June 2005 | Case Studies | Reader Profile

Yolande Burnham: Grains, Trains and Supply Chains

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Years ago, Yolande Burnham managed shipments of durham wheat, corn, and other grains. Today, rail lines that haul those commodities depend on Burnham's employer—Union Switch & Signal (US&S), Pittsburgh,Pa.—for the systems they need to operate efficiently and safely.

Burnham is vice president, global supply chain and manufacturing for US&S, a leading manufacturer of signaling, automation, and control equipment and systems for railroads and mass transit around the world.

Burnham oversees the company's manufacturing operation in Batesburg, S.C., manages relationships with global suppliers, and works with other executives to coordinate the flow of raw materials and finished goods with customer demand. She is also a leader in the group procurement operation of US&S's parent companies, Ansaldo Signal and Finmeccanica.

With years of experience managing both agriculture and manufacturing supply chains, Burnham finds a key difference between the two sectors.

In agriculture, she says, supply chain activities don't need to be integrated as tightly. "But manufacturing absolutely requires synchronization—from sales and order entry all the way through customer delivery and payment," she says.

Supply chain management at a company such as US&S, which serves major railways and transit systems, poses a special challenge.

"We deal with international customers, who are often directly managed and controlled by their governments," Burnham says. So US&S must form relationships not only with its customers, but also with the public entities that provide funding and infrastructure.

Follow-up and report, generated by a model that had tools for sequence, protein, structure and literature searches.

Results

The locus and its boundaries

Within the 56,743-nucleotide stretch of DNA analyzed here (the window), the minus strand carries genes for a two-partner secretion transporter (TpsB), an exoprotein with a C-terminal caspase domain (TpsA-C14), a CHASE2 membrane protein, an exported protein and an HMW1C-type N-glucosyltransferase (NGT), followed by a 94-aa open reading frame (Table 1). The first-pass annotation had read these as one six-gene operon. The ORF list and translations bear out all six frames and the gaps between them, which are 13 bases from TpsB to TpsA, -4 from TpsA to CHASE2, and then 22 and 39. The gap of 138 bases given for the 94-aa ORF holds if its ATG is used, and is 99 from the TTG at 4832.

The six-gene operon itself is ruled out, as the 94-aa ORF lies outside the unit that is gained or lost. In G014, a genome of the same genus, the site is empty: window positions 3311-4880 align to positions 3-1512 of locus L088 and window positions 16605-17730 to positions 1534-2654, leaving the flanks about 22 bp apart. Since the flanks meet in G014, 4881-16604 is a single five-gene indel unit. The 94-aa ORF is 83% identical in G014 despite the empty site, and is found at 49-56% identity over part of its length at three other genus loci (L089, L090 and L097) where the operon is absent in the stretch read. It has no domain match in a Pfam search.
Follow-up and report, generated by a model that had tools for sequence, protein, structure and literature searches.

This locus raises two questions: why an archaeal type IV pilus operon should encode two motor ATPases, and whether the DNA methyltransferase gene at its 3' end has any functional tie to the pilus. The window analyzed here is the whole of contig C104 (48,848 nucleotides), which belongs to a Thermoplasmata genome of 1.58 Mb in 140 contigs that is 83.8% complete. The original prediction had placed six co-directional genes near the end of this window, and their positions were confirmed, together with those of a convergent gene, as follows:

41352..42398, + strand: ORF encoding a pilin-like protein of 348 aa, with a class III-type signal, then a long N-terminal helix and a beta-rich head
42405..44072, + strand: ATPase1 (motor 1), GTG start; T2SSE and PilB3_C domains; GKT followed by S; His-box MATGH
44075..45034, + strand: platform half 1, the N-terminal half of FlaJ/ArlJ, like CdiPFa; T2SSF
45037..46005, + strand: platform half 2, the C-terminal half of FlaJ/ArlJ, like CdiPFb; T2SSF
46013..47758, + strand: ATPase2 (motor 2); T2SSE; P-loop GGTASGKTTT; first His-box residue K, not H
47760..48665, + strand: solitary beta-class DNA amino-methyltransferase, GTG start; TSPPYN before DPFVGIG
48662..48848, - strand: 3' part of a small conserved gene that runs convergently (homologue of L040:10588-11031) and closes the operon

To synchronize its supply chain more precisely, US&S is looking for ways to link its information systems with those of its suppliers and customers. Burnham would like online access to suppliers' systems, so she can monitor order status.

And the better the company can connect with customers' systems, "the more we'll be able to serve customers when they need us," she says. "We can be ready for their future needs, not just react."

Just as she takes a proactive approach to customer fulfillment, Burnham makes a point of staying prepared for emergencies that might arise in the supply line. Once, while working for a previous employer, a supplier in Korea was hit first by a fire, then by a labor strike. The dual crises shut that supplier down for almost three months.

"Fortunately, we had implemented a strategy to make sure we minimized the risk and positioned ourselves strategically in the world," Burnham says. "My team was well trained and talented," and they already had alternative suppliers in place to fill the gap.

"The team executed the plan we had in place, and we rode through that obstacle without any major interruptions," she says.

In many ways, managing a supply chain is like running numerous companies at once, says Burnham, who works closely with suppliers' chief executive officers to set common goals and create common strategies.

"We influence, and actually direct, the strategy of our supplier base to fit within what we need to serve our customers," she says. "The suppliers are an extension of our manufacturing."

The Big Questions

What are you reading?

I recently reread The Road Less Traveled, by M. Scott Peck.

Advice to people starting out in logistics?

Work with your company to understand how various departments function. Be passionate about what you do; give it your all. And integrity is absolutely a must.

First web site you go to each morning?

When I wake up, I want global information. So I turn quickly to CNN - either on the web or on TV.

Business motto?

Focus on customers, shareholders, and employees.

What do you do when you're not at work?

I never sit still—I do a lot of outdoor activities, including hiking, biking, swimming, and exercising. I love to sing, and I'm going to learn how to play digital piano. I also enjoy reading about and reflecting on human behavior—what drives people, and what makes them the way they are.

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